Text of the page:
I just wanted to run, sniff and explore, but I was tied to Mom, and Mom wanted to stop and take pictures. All we saw were the same things over and over again: castle-mountains stuck in Oregon fog, wet rocks, and rivers where they didn’t belong, then more foggy mountains, more wet rocks, more rogue rivers. But Mom was enchanted with each one. She stomped into the rivers without even taking off her shoes and socks, and stopped each time she could see the fog from a different angle. I was starting to lose my sense of humor. “C’mere, Oscar! Up-up!” Mom said, tapping a tree trunk like she’d never seen anything so marvelous in her entire life. “Did you hear something?” I asked the sky in the opposite direction from Mom. “Oscar! Come here. Up-up!” she repeated, banging on the tree more emphatically. I ignored her. “Fine,” she said, and chased after me with her shovel-arms. I would have gotten away if we weren’t tied together, but soon she caught me and lifted me onto the log herself. I stood there with my butt in her face and refused to move. “Look at me! Oscar! Oscar! Look at me!” she said, all excited again like we weren’t in a fight. But I held strong and gave her the silent treatment until I felt myself being lifted again and deposited on the log facing the other direction. “Sit. Sit!… Sit!” Mom pleaded. Eventually I sat, but only when enough time had passed that it seemed like my idea. “Now lay down…” Mom said. But I refused to yield, even when she tried pulling my legs out from under me. A dog must maintain his dignity. “If people only knew how many tries it takes to get some of those photos…” Mom grumbled like I was the problem as she clicked the leash back on in defeat.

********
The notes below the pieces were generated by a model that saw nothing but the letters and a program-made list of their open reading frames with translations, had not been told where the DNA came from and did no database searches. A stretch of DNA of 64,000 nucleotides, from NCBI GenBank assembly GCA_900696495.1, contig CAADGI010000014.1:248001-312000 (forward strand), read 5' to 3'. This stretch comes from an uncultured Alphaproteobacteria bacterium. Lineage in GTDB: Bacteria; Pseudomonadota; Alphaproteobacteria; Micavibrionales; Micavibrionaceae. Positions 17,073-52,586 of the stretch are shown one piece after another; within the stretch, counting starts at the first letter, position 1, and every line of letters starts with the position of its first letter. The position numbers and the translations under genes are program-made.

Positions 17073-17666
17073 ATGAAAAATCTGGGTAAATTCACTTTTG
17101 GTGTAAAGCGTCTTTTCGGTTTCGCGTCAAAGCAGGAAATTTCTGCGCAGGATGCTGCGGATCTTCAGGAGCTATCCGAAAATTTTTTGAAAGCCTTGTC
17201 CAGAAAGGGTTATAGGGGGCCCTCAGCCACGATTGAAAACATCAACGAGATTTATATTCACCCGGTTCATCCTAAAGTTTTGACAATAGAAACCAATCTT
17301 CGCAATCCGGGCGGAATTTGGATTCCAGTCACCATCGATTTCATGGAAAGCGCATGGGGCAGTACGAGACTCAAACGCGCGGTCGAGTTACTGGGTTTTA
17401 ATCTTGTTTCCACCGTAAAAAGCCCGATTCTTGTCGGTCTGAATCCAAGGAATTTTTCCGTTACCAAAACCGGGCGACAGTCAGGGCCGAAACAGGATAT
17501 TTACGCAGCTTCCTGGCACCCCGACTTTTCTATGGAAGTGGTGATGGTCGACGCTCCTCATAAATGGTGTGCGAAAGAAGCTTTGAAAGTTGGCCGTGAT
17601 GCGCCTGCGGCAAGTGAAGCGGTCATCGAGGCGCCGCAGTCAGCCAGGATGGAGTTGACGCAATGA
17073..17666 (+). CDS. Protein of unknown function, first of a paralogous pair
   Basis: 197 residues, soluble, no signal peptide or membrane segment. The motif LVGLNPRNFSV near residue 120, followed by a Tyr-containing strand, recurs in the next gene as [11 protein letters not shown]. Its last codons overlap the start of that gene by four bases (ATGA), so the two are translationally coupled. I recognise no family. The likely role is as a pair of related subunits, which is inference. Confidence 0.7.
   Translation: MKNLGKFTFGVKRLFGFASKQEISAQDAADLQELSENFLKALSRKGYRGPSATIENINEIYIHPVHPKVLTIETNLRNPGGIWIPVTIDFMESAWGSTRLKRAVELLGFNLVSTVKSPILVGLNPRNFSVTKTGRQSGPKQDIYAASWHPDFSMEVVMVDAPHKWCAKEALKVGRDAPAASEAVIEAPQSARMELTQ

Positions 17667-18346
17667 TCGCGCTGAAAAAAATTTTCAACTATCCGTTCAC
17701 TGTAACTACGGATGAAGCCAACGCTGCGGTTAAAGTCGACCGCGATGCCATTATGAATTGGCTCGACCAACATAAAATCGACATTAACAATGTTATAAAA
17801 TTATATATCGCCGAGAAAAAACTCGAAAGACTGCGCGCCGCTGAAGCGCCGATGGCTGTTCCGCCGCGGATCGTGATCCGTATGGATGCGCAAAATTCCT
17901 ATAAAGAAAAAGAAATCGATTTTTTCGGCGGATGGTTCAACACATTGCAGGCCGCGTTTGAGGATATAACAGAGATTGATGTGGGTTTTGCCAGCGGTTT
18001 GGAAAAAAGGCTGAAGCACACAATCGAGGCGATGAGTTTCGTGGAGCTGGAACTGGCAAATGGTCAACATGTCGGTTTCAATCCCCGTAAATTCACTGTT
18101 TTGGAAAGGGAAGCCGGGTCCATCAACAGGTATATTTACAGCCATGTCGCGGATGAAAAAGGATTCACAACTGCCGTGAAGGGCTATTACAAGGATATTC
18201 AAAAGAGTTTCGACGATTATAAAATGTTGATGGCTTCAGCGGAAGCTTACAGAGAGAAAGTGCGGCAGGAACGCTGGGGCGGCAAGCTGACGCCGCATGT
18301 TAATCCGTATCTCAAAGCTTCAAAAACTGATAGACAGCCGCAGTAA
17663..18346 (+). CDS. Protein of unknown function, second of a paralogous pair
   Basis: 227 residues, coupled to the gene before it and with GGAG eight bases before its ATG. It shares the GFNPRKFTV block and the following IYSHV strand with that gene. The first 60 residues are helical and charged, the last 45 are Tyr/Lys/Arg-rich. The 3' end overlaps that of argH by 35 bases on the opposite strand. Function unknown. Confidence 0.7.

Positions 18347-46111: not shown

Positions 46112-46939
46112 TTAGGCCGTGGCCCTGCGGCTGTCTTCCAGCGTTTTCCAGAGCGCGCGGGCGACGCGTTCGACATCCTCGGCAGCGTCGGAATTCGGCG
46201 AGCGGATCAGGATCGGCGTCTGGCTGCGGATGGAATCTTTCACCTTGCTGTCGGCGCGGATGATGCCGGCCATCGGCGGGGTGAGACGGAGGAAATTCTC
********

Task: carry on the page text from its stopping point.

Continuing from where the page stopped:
We had crossed many rivers, but eventually the river took over the trail, running down it until there was no room for a long-suffering dog and his foolish human to hike on. Not even Mom wanted to keep going after that. So we turned around and followed signs for other trails that had cool names. We bumped around for another few miles, looking at more castle-mountains, Oregon fog, wet rocks, and misbehaving rivers. I stood and sulked for all of Mom’s pictures thinking about how all this running in the cold, wet rain was getting really old. “Hey, Oscar,” Mom said as she clipped the leash back on after yet another photo stop. “Did you notice… it’s stopped raining and the sun’s coming out.”

I hadn’t noticed, actually. I had been so busy thinking about all the horrible things that Mom was doing to me that I didn’t even notice that things were getting better. All that time that Mom had been ignoring the weather and stubbornly doing what she’d always done as if nothing was wrong, the weather had gradually blown itself out and now the sun was even shining on a few of the castle-hills. I guessed that’s what we had to do about the End Times too: adapt and keep going. And if we got stranded in Arizona, or New Mexico, or Utah, then the only thing to do was what we were doing already, so there was no point in worrying about it.

Oscar the Grouch